Michael Evan Lidsky
Principal Investigator
Associate Professor of Surgery
Member of the Duke Cancer Institute
Contact Information

Office: Dept of Surgery, Box 3966, Durham, NC 27710


Dr. Lidsky is the Director of HPB Research at Duke University. He leads the Surgical Oncology Research Group, which was initiated by Dr. Blazer. This group, consisting of surgical oncology faculty, surgery trainees, and medical students, meets monthly to review ongoing research projects that utilize local and national datasets to study cancers of the liver, biliary tree, and pancreas, gastric cancer, soft tissue sarcoma, peritoneal malignancies, and melanoma, in additional to pre-malignant conditions such as intrapapillary mucinous neoplasms. This platform is also utilized for educational activities, including invited speakers on topics such as statistical methods, clinical trial methodology, and data warehouse search engines.

Illustration of hepatic artery infusion

Upon joining the faculty in 2018, Dr. Lidsky implemented and continues to lead the Hepatic Artery Infusion (HAI) team at Duke, a rapidly growing program to deliver high-dose chemotherapy directly to the liver for patients with advanced primary and secondary liver cancers (https://www.dukehealth.org/blog/chemotherapy-pump-helps-people-metastati...). HAI entails the surgical implantation of a subcutaneous pump with a catheter that is inserted into the hepatic arterial system, allowing for the delivery of high-dose chemotherapy directly to the liver, typically given concurrently with systemic therapy. The primary agent delivered via HAI is floxuridine (FUDR), which has the ideal properties of a short half-life (<10 minutes) and near-complete hepatic clearance, such that drug concentrations in the liver reach up to 400 times that which could be achieved with intravenous delivery, but without systemic exposure/toxicity. HAI is most often considered for patients with unresectable colorectal liver metastases, with the goal of controlling disease or converting patients to resectable status, as adjuvant therapy after resection of colorectal liver metastases to delay or prevent hepatic recurrence, and in the management of locally unresectable intrahepatic cholangiocarcinoma. Parallel to this effort, Dr. Lidsky co-founded and co-leads the international HAI Consortium Research Network (HCRN), a large collaborative of over 50 centers working together to improve HAI outcomes and develop and implement modern-day multicenter prospective HAI trials.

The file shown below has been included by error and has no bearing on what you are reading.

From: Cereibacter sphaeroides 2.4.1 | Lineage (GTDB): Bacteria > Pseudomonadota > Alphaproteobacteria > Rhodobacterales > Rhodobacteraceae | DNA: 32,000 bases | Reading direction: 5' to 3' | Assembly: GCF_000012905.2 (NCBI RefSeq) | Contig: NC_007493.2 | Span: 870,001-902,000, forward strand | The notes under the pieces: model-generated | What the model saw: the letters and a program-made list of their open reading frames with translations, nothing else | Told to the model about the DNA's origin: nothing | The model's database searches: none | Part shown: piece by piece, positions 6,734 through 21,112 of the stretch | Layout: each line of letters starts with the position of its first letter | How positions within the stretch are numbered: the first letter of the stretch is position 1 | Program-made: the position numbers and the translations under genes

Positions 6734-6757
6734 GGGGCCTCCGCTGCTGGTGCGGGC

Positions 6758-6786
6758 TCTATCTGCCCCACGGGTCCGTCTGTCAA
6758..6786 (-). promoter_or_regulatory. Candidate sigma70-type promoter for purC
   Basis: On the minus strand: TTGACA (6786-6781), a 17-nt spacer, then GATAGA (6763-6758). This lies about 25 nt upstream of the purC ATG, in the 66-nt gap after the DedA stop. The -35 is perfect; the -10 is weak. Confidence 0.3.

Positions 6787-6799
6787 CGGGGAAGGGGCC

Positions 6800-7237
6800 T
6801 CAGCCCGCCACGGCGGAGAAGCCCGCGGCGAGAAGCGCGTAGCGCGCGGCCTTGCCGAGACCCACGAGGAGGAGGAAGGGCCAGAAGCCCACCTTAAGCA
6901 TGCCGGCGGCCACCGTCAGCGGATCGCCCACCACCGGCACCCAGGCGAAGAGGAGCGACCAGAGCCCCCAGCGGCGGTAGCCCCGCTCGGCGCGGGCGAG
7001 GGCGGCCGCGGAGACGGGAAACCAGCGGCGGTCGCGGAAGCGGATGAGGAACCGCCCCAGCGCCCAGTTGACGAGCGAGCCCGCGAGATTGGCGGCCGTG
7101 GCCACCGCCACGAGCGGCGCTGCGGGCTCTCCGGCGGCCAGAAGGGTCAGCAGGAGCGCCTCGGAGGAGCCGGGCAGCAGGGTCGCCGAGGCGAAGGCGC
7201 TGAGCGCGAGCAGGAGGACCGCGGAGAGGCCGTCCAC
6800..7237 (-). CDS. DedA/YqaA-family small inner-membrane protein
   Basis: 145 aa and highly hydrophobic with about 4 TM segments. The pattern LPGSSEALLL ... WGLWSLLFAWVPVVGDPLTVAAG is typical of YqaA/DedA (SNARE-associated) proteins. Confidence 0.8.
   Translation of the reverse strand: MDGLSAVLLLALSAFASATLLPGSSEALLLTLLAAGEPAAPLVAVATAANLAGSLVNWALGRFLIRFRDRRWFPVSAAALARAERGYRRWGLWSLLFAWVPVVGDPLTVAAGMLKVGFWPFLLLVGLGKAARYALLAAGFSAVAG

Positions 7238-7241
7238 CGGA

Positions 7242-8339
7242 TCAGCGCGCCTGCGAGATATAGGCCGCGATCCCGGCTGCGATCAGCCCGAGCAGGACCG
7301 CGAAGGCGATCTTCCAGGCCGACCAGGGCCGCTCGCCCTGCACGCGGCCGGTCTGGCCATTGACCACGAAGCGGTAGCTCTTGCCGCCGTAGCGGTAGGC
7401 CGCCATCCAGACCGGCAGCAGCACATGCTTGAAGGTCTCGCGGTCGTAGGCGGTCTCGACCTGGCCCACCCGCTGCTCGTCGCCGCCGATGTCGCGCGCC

Dr. Lidsky is also a surgeon-scientist, where his basic science and translational research is conducted in Dr. Kris Wood’s laboratory (https://sites.duke.edu/woodlab/) within the Department of Pharmacology and Cancer Biology. His work focuses on determining mechanisms of tumorigenesis and therapeutic resistance in intrahepatic cholangiocarcinoma, so as to identify novel therapeutic strategies for this deadly malignancy. Intrahepatic cholangiocarcinoma (ICC) is the second most common primary liver cancer in the United States, with a 128% increase in incidence in the last four decades. The disease is highly aggressive and lethal, with only 20% of patients qualifying for curative intent resection. Currently, very few treatments for ICC exist, particularly with regards to systemic therapy. While adjuvant capecitabine yields modest improvements in survival, most ICC patients present with advanced disease for which prognosis is exceedingly poor, with median survival under 1 year.

Complicating advancement is the lack of relevant and reliable pre-clinical models of ICC. To circumvent this shortcoming in available models, Dr. Lidsky is using patient samples to derive a gold-standard library of novel ICC models, including cell lines, organoids, and xenografts. He then applies functional genomics and precision pharmacology techniques, including unbiased CRISPR/Cas9 screening, RNAi, and high-throughput small molecule screens, to identify tumor-specific dependencies that may be exploited as novel therapeutic strategies.

Illustration of the lab's process

Further, worldwide efforts focused on tumor sequencing and mutation-based therapies have shown only modest improvements in survival. Within the context of genomic alterations, FGFR2 fusions are detected in approximately 15% of ICC patients and can be treated with novel agents, although these drugs are neither universally effective nor capable of long-lasting control of the cancer. To learn more about this subtype of ICC, Dr. Lidsky has generated unique pre-clinical models from an ICC patient harboring an FGFR2 fusion, which he leverages to learn about FGFR2 biology, identify new treatment strategies that together with available agents can improve effectiveness, as well as detect patterns of drug resistance that ultimately develop so as to delay or overcome this inevitable process that ends in disease progression.

Dr. Lidsky has received numerous grants to support his research, including the Duke Physician-Scientist Strong Start Award, American College of Surgeons National Surgeon Scientist Program, The Cholangiocarcinoma Foundation Research Fellowship, and Duke CTSA KL2 Award.

Publications and Funded Projects

View Dr. Lidsky's profile to see his publications and funded projects.